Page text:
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Science Behind Our Program

At Healthy Living Dallas, we’re very firm believers that current research is the best foundation for the programs we develop for our patients. Science, combined with appropriate laboratory testing and identification of underlying problems, allows us to have an incredible impact on the health of our patients.

Below are just a few summaries of research published in peer-reviewed published journals that used the same principles and programs that we often use in our practice.

Nutrition journal

  • 12 week randomized study – compared effects of the First Line Therapy program to the standard American Heart Association (AHA) plan in post-menopausal women.
  • Following our plan showed significant additional decreases in:
    • Total cholesterol
    • LDL-cholesterol
    • Triglycerides
    • Blood Pressure and
    • Framingham Risk Assessment


Nutrition & Metabolism

  • Incorporation of specific medical foods and phytochemicals resulted in increased reductions in total cholesterol, triglycerides, and non-HDL cholesterol.
  • 43% of the participants using First Line Therapy and appropriate medical foods and phytochemicals resolved their metabolic syndrome in 12 weeks!


Journal of Clinical Lipidology

  • High-risk subjects utilizing the First Line Therapy plan in combination with medical foods showed, on average, the following improvements which were statistically significant compared to the changes seen in the American Heart Association plan group:
    • Cholesterol decreased by an average of 15.8%
    • Triglycerides reduced by an average of 44.8%
    • HDL cholesterol increased by an average of 5.6%
    • Fasting insulin reduced by 25.7% on average
    • Glycated hemoglobin (HbA1c) reduced by an average of 3.4%
    • Reduced inflammatory marker hs-C-Reactive Protein (hs-CRP) by an average of 33.7%
    • Showed an average weight change of double the amount of weight compared to the American Heart Association plan
  • Healthier Dietary Patterns including lower sugar and carbohydrate intake, lower fat intake, lower glycemic index ans glycemic load, high EPA and DHA intake
  • Improvement in metabolic syndrome variables including reduced waist circumference, reduced systolic and diastolic blood pressure and reduced plasma triglycerides
  • Improvement in conventional cardiovascular risk factors including lower plasma total cholesterol, lower LDL cholesterol, lower non-HDL cholesterol, lower apolipoprotein B, and lower apoB/apo A-1 ratio


Metabolism Clinical & Experimental

  • Healthier dietary composition including:
    • Lower % energy from saturated fat
    • Lower % energy from trans fat
    • Higher % energy from protein
  • Improvement in additional cardiovascular disease risk factors including:
    • Lower atherogenic lipoprotein particles (lipoproteins likely to form plaque in the arteries) including large VLDL, small VLDL, IDL, and small LDL
    • Higher ratio of large HDL to medium + small HDL particles
    • Lower plasma oxidized LDL
    • Lower plasma Lp (a)- lipoprotein (a)
    • Lower apo-C-III and apoE


British Journal of Medicine and Medical Research

  • Low-glycemic load Mediterranean style dietary patterns led to healthier weight and body composition including:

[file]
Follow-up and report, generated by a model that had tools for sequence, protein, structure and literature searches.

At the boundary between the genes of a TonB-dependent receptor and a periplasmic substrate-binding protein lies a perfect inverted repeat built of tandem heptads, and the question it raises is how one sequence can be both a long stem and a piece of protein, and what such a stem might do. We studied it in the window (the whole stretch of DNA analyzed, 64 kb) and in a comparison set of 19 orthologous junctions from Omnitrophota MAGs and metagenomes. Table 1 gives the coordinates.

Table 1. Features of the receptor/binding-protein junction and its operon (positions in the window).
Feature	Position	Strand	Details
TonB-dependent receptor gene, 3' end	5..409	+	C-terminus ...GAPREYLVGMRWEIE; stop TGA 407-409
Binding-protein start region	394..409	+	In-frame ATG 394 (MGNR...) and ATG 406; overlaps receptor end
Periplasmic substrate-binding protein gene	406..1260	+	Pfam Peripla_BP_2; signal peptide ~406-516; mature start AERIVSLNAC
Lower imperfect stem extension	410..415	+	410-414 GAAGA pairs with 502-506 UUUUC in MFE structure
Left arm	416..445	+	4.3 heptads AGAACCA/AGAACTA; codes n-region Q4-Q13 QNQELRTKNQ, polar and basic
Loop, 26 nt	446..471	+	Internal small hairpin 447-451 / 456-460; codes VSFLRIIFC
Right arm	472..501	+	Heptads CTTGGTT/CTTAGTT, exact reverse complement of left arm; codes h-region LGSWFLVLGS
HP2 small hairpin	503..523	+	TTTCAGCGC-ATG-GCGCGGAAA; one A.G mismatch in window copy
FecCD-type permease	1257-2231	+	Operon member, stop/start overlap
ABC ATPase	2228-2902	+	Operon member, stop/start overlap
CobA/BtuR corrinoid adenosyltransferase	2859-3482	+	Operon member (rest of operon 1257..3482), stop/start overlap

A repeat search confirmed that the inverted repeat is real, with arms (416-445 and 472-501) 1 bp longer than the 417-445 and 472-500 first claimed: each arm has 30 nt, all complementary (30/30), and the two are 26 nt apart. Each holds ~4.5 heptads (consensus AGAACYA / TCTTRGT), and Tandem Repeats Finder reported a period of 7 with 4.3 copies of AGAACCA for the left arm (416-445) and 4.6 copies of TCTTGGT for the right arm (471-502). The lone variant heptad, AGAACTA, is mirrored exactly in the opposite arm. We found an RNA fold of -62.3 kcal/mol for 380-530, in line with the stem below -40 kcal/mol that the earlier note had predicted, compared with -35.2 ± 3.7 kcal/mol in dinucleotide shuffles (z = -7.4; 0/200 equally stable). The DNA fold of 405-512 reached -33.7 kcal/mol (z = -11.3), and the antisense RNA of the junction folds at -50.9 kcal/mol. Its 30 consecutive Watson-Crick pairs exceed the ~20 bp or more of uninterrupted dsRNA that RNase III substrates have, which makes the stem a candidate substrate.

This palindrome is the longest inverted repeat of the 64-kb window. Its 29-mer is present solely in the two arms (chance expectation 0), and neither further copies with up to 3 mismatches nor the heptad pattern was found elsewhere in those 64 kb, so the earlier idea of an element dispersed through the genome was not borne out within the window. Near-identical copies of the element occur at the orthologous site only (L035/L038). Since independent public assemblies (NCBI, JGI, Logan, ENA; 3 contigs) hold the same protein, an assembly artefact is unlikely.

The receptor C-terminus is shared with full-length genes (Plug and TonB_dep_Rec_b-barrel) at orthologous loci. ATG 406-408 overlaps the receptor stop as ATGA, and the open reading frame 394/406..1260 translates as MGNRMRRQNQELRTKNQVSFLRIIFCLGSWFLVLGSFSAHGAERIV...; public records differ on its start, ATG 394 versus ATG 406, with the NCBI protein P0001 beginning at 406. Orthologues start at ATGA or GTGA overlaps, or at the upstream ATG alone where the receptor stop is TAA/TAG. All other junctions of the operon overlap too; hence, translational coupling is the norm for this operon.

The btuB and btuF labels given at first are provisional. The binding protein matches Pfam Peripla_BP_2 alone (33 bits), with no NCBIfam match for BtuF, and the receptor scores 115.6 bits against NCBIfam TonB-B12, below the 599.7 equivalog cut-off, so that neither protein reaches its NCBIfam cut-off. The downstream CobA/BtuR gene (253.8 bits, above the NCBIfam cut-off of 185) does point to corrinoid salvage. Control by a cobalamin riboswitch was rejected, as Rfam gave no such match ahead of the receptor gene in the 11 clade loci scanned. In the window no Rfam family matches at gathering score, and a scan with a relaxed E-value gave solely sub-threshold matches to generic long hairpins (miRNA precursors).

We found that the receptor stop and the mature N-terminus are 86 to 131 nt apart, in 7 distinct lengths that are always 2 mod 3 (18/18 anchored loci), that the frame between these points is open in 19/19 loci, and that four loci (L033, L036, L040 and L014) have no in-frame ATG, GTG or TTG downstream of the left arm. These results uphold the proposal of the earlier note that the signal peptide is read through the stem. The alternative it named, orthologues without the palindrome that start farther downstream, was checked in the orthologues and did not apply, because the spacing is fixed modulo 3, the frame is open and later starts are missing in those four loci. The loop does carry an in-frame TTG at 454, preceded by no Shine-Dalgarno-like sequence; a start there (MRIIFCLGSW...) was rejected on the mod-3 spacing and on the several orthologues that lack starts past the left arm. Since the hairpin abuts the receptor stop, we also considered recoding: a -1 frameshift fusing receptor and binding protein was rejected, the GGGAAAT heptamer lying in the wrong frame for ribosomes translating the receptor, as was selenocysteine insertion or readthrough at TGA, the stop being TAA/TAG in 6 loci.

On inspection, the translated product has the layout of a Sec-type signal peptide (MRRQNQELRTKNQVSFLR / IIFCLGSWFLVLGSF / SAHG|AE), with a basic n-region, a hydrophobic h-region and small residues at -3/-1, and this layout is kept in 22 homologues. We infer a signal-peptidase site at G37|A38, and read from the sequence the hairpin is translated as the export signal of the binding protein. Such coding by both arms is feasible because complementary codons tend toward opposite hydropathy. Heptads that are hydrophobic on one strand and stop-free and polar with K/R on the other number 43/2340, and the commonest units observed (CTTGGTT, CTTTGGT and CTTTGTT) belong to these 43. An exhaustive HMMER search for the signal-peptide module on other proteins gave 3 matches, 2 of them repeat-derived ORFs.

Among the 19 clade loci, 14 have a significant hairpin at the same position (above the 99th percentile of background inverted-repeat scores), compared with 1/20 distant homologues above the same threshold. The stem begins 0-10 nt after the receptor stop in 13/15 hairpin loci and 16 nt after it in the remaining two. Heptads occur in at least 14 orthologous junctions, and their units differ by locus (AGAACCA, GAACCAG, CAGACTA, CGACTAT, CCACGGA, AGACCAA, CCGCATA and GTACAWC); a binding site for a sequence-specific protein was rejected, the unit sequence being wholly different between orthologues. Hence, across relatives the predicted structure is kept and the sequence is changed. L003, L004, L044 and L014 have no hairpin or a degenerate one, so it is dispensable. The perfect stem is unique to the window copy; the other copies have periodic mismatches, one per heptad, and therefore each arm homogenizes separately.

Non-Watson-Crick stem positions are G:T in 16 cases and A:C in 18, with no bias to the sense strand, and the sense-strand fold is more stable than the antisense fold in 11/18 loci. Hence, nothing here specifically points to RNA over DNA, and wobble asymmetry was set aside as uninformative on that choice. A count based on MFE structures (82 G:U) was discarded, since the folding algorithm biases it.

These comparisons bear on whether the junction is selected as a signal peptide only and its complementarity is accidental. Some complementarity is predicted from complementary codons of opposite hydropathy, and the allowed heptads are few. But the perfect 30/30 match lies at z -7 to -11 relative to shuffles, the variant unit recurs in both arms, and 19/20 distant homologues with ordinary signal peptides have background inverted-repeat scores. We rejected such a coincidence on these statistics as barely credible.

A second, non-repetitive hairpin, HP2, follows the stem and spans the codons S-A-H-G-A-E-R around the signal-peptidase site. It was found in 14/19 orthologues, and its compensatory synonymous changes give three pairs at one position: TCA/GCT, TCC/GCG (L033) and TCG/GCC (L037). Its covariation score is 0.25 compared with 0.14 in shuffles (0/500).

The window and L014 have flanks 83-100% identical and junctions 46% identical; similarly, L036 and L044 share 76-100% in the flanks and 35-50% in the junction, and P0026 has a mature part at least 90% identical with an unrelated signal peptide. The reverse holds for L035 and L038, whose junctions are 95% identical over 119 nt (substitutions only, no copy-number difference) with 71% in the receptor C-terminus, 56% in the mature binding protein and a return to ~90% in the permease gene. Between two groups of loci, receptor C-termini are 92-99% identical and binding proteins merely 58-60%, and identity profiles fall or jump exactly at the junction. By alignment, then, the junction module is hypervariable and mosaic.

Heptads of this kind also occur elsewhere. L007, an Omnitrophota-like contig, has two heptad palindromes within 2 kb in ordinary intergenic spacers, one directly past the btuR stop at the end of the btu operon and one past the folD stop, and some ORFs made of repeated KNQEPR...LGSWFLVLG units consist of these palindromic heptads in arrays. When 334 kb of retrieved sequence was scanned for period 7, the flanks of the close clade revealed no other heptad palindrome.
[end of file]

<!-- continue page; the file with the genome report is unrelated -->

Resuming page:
• Body Mass Index- weight to height ratio used by researchers to indicate obesity.
    • Higher % of fat-free mass
    • Lower percentage body fat
    • Lower percentage abdominal fat
  • Improvements in Insulin resistance including:
    • Lower plasma insulin
    • Lower HOMA-IR score
  • Additional improvements including:
    • Lower plasma level of inflammatory marker TNF alpha
    • Lower plasma level of leptin indicating improved leptin sensitivity (indicates increased feeling of fullness after eating because the body hears the "fullness" signal more efficiently)


Journal of Nutritional Biochemistry

  • Higher phytonutrient antioxidant intake as evidenced by higher plasma Beta-carotene and lutein levels


Journal of Nutrition Research

  • Additional improvements in reduced HMG-CoA reductase gene expression in mononuclear cells, indicating that the liver produced less cholesterol, which is often a mechanism for elevated LDL cholesterol levels in the blood.


Journal of American Medical Association

  • Plant-based diets such as the Mediterranean style food plan have been shown to counter the insulin raising effects of statin therapy.


Diabetes Care

  • Insulin sensitivity is improved with intensive lifestyle intervention.


Annals of Internal Medicine

  • Mediterranean-style diet led to greater glycemic control and Coronary Heart Disease (CHD) risk reduction and delayed drug therapy in type 2 diabetes.


The New England Journal of Medicine

The Lancet - International Journal of Medical Science & Practice

  • Lifestyle intervention outperformed metformin (prescription commonly prescribed for diabetic patients to help control blood sugar levels), with lasting effects on diabetes risk reduction
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  • Dallas

    3800 San Jacinto
    Dallas, TX 75204
    (214) 827-8777
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    Friday: 8:00 a.m. - 11:00 a.m.
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  • Grapevine

    823 Ira E. Woods Avenue
    Grapevine, TX 76051
    (214) 827-8777
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    Thursday: 1:30 p.m. - 5:00 p.m.